On the other hand, even though 1001 morbidity cases of paper reports were captured by the CHVs, only 696 of the reports were completed without errors (completion rate of 69.5%). Of the 696 complete paper reports 85.1% (n = 592) were lymphedema cases, 11.3% (n = 79) were hydrocele cases and 3.6% (n = 25) patients had both conditions. A summary of the cases found in the study subdistricts can be found in S1 Fig.

Comparison of data from the mIVRS with the MDA programme and the paper reports

Data on morbidity cases extracted from the mIVRS was compared with data from the national MDA programme and the paper report by the CHVs collected within the same period of time across 52 communities and 11 sub-districts. From these 52 communities where data were available for comparison, the mIVRS recorded the highest number of lymphedema (n = 590) and hydrocele cases (n = 103) compared to data captured by GHS in the national MDA programme (lymphedema (n = 154) and hydrocele (n = 84) and the paper-based records (lymphedema (n = 417) and hydrocele (n = 76) (Fig 4A and 4B).

Fig 4. District level comparison of cases recorded by GHS, mIVR system and paper-based.

Cases from the same communities within the sub-districts that were captured by mIVR system were compared with the paper-based records from the CHVs and data from GHS generated within the same time. Fig 4A represents records from Kassena Nankana West district and Fig 4B represents records from Kassena Nankana Municipal. These were completed data reported by the CHVs.

Inter-rater reliability of reported LF cases

Using participant IDs, data from the mIVRS were matched with the paper records captured by the CHVs. A total of 299 cases were matched. Cohen’s Kappa and sensitivity analysis were conducted to assess the level of agreement between the two LF data capturing methods and the capacity of the mIVRS to correctly record the LF conditions, respectively. Thirty-five percent of the case reports (299 out of 852) captured by the mIVRS, matched with 43.0% of the case reports (299 out of 696) recorded using the paper-based reporting system. The inter-rater reliability between the mIVRS and the paper-based approach was excellent (Table 2).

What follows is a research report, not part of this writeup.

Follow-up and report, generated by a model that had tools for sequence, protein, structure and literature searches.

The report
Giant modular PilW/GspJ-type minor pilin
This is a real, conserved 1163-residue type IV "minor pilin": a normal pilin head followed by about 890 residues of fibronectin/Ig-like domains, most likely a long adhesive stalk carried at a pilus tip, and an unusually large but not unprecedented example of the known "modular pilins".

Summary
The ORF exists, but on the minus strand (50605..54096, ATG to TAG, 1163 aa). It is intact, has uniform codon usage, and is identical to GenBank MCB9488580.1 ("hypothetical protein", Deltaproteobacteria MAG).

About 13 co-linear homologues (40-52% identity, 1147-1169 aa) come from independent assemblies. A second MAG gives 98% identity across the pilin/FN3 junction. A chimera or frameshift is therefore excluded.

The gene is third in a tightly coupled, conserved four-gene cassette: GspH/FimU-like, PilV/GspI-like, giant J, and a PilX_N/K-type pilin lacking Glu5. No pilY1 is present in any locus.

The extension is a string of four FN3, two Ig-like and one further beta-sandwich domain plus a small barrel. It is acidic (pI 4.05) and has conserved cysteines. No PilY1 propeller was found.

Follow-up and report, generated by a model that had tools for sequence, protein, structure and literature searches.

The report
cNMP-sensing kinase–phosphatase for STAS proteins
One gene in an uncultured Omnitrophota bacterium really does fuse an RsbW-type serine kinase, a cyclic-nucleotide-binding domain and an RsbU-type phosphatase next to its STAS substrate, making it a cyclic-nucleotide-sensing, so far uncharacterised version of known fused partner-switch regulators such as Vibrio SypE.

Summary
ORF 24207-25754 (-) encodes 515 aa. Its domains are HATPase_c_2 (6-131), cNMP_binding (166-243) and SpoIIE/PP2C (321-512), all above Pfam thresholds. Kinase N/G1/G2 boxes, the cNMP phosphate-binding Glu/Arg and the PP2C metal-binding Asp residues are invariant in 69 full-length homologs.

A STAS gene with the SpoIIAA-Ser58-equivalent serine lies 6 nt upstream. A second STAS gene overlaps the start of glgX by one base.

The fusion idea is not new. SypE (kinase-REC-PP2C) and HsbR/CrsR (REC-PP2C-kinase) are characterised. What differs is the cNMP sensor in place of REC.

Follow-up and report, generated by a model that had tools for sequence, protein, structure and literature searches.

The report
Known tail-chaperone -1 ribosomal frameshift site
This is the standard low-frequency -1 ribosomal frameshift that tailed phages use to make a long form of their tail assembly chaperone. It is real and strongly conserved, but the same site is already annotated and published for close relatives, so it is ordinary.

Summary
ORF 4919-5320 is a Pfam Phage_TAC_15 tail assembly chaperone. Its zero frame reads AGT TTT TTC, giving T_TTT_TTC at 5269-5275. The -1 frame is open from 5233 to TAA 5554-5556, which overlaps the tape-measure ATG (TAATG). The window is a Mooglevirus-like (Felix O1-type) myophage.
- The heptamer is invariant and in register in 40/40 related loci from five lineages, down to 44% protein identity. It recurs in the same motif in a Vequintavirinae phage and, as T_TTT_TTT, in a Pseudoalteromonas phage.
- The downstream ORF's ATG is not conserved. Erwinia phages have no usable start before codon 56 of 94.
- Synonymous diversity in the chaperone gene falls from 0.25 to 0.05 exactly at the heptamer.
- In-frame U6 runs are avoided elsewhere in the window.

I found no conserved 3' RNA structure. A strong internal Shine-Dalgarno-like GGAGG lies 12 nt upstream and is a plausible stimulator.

Table 2. Concordance of LF cases between mIVR system and paper-based reporting approach.

The system also had a feature for assessing the number of morbidity patients who experienced ADLA attack (Fig 5) and took medication, including the type of medication (Fig 5), within the study period. The type of medication taken or used during ADLA attack was captured as an audio file in the system and later transcribed by the study team. CHVs had to mention the name of the medication during paper form case reporting. Of the 667 patients with lymphedema, 293 (43.9%) experienced an ADLA attack. Of the 293 who experienced an ADLA attack, 74.4% (n = 218) took medication. Out of the 116 patients with hydrocele, 40 (34.5%) reported of ADLA attack and 16 (40%) out of those who had ADLA took medications. Overall, the predominant drug taken by the patients during ADLA attack was Paracetamol (45.7%), followed by Ibuprofen (8.9%), EFPAC (Acetamenophen-Aspirin-Caffeine combination) [7.4%], Albendazole (3.5%), or Amoxicillin (3.5%) [S1 Table].